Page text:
Hindering the right to protest

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Editor: One year ago, before COVID-19 dominated the landscape of our entire lives, some may recall that the media was quite engrossed with the civil unrest in Hong Kong. An intense, but peaceful, protest was taking place in those streets and it was met with an authoritarian government who would tolerate no deviation. Here in the West, those protesters were often viewed as heroes standing up for democracy against tyrannical forces on the other side of the world.
Fast forward to recently in Tecumseh Park in Chatham. A group of protesters gathered peacefully to make a display of their position on particular issues concerning our government, and at least one among their organizers has been summoned before a court with the threat of life-destroying fines and/or imprisonment.
The issues surrounding COVID, which have borne so heavily upon all our lives, have caused tremendous divisions in our towns and in our culture. There are many people who feel very strongly on many of these issues, each feeling very justified in their perspective.

Such division is unfortunate, however, it is a fundamental right in this country that we permit freedom of belief and opinion. This does not mean that we must agree with that person, but in respect for their opinions we do not tolerate persecution of those we disagree with.
For myself, having learned of this demonstration in Tecumseh Park after the fact and after the charges were laid, I set myself to listen to a recording of the speeches given at the protest. After taking in the details, I can comfortably say that I disagree strongly with much of the content and tone of what was being spoken and simply find many of their statements, claims, and beliefs baffling and ridiculous.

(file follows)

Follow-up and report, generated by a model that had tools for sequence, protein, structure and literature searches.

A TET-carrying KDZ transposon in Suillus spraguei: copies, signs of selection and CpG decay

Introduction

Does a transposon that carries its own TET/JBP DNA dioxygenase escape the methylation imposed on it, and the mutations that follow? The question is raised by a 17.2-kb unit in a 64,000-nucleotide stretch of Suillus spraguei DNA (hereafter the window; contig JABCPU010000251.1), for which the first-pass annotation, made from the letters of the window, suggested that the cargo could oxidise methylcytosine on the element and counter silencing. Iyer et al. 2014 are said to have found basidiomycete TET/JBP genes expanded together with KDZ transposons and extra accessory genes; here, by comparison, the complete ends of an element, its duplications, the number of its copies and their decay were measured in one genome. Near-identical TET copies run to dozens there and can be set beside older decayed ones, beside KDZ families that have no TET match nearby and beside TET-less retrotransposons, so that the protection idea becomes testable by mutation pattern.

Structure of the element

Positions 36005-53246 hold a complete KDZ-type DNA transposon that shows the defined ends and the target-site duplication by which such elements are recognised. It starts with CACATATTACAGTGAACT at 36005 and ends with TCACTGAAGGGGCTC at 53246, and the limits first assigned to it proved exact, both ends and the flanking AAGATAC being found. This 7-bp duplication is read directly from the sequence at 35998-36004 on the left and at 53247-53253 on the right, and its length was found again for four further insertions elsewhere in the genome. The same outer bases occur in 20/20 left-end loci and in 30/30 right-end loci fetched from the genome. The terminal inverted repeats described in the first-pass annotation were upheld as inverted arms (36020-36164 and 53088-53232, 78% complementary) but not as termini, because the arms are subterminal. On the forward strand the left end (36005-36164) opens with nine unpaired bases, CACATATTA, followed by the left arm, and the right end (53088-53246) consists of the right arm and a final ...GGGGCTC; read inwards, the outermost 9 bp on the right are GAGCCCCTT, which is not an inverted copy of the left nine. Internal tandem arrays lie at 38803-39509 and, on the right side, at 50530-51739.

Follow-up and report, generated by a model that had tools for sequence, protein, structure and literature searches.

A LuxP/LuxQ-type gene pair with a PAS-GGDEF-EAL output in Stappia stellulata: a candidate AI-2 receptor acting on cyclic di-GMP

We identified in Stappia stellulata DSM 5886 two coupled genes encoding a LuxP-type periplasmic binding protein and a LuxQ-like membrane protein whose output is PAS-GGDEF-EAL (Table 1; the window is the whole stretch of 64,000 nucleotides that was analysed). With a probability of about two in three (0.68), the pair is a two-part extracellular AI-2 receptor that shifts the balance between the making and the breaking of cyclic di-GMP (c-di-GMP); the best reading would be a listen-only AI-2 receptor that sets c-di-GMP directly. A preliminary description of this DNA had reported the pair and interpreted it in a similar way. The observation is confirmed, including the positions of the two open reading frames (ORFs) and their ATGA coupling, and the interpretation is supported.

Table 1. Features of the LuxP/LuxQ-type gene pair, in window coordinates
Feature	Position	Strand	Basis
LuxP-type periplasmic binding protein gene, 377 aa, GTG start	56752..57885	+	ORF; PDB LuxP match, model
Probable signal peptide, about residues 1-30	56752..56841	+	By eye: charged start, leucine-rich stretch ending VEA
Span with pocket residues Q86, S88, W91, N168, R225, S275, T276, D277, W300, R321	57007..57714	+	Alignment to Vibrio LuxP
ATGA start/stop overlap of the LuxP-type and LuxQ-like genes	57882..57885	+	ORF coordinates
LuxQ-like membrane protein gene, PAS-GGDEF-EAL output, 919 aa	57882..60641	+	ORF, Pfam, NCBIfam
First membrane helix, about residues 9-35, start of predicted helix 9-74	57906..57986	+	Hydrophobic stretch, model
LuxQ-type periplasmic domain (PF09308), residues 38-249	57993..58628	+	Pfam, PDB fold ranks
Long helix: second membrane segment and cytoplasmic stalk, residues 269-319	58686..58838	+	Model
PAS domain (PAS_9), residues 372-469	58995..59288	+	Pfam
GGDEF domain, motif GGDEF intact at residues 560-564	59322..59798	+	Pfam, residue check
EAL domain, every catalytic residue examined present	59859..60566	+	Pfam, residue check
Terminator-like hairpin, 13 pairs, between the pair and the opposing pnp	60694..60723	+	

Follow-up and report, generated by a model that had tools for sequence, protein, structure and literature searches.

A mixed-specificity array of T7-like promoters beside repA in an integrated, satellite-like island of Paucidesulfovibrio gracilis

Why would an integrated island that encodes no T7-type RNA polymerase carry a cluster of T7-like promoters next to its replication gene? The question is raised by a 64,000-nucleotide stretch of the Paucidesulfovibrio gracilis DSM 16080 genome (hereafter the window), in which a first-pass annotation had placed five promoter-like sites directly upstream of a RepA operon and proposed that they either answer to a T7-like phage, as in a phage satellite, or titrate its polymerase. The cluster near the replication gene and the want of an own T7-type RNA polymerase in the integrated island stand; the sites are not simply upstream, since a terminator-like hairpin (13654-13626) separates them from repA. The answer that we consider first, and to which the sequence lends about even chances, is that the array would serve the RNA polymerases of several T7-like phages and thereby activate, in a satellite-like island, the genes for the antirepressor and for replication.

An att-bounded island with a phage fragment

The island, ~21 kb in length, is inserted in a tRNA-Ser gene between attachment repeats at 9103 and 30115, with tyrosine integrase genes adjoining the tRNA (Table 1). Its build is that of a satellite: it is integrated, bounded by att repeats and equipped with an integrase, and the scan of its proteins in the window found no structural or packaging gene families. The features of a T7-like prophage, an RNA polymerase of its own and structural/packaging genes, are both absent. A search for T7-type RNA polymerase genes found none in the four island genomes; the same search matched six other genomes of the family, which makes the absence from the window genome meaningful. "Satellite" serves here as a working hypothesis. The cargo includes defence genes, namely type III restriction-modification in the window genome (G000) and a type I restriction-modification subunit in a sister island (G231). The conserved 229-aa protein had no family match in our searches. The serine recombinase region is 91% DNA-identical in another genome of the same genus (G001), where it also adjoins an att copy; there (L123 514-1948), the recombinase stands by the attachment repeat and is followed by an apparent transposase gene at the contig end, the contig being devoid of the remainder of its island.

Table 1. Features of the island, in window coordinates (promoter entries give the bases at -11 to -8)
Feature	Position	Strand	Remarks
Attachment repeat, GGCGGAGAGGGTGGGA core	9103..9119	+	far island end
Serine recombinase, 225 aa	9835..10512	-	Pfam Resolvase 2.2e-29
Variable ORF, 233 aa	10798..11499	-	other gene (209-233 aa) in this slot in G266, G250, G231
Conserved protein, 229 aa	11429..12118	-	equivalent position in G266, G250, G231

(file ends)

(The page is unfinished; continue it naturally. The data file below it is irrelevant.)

However, this difference of opinion is exactly what is protected by our freedom of belief.
Moreover, enshrined in our Charter of Right and Freedoms as a fundamental right, alongside our freedom of belief and opinion, is our right of assembly; a right which includes the freedom to gather in peace and demonstrate our opinions on how government is exercised.

It must be remembered that the charges laid were not in regard to gathering at all, but rather the size of the gathering. This absurd distinction can only be reduced to an understanding that: it is OK if very few people disagree with the government, but it will not be tolerated if many people disagree with the government.
Regardless of if we agree or disagree with the beliefs and opinions of those present at that demonstration held in Tecumseh Park, to tolerate this breach upon our right to assembly is no different than to allow the authoritarian restrictions which worked to silence those protesters in Hong Kong.

By shamefully laying or approving these charges, some of our elected officials, municipal administrators, and police have made the Tecumseh Park protesters very unlikely democratic heroes, fighting a form of tyranny which perhaps does not use tear gas and water cannons, but is polite, and may simply destroy your life with a neatly written court summons.

Adam Childs

Wallaceburg

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